In Salisbury, the Rhodesian government is planning the demolition of a shanty township which has sprung up in the suburb of Harari.
GV EXTERIOR Shanty town of makeshift dwellings in Harari Salisbury. (4 shots)
GVs Makeshift huts made of plastic covering.
SV ZOOM IN TO CU Hut made of plastic built around lamp-post.
GVs People walking and standing outside temporary dwellings. (5 shots)
SV PULL BACK GO GV Washing hanging on line and people in shanty town. (4 shots)
GV PAN Shanty town
GV Market in Harari town. (8 shots)
Initials VS 14.30
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Background: In Salisbury, the Rhodesian government is planning the demolition of a shanty township which has sprung up in the suburb of Harari.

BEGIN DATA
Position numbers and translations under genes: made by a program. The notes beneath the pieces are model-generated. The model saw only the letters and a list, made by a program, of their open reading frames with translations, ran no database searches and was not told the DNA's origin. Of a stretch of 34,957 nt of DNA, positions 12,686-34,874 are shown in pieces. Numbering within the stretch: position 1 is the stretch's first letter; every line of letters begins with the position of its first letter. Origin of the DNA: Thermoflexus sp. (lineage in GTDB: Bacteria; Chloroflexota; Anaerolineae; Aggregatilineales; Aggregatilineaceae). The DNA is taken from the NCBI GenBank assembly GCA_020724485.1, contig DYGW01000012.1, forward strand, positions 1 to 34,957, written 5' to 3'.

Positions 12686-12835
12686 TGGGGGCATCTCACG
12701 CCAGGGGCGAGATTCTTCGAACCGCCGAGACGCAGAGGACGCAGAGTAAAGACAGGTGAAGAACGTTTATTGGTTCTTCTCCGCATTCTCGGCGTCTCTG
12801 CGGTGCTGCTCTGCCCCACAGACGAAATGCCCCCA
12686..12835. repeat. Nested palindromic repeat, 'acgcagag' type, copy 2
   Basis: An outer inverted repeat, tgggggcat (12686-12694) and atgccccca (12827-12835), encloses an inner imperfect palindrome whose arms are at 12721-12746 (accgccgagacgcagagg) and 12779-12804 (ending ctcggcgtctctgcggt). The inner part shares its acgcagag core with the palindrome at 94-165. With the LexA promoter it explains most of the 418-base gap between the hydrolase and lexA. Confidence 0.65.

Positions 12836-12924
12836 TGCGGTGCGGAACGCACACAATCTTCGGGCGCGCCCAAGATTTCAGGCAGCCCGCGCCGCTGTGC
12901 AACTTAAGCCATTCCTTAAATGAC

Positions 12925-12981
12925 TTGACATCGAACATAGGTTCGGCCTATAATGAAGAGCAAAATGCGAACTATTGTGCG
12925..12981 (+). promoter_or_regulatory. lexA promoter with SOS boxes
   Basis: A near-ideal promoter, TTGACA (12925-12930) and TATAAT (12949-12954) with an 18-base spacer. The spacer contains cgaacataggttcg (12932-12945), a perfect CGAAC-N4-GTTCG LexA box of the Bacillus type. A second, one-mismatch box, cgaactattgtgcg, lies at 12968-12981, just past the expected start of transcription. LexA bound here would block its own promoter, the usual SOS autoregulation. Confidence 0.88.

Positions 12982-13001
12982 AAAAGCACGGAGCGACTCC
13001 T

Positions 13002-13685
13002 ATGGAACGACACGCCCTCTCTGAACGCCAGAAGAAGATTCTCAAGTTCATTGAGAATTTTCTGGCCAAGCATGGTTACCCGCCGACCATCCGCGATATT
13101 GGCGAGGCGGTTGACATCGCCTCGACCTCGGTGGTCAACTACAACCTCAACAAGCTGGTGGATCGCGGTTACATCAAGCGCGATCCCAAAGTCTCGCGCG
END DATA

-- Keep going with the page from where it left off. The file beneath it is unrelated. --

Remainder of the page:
SYNOPSIS: The township has become known in Salisbury as "Plastic Town" because of the most common material used in the construction of the hundreds of temporary dwellings which have been erected. Most of the shacks are made from pieces of cardboard, plastic and tin and covered in sheets of black plastic tarpaulin which gave the slum its name.
The African Administration Department of the Rhodesian government said the residents of the shanty townships would be resettled in municipal townships if they were eligible. A Department spokesman said many residents were unhoused workers who were delighted to be moving to better accommodation. More than 200 people had already been interviewed to see if they qualified for residency in a municipal township. The clearing exercise is expected to take three to four weeks.
At its peak there were more than 850 makeshift dwellings in the area, and new shacks were being built at the rate of ten a week. The slum had spread over an area of ten hectares (25 acres) and a thriving market had sprung up to cater for the needs of residents. The relocation exercise is similar to one carried out eight months ago when 10,000 squatters were moved from the Derbyshire area to Zengeza Township near Salisbury.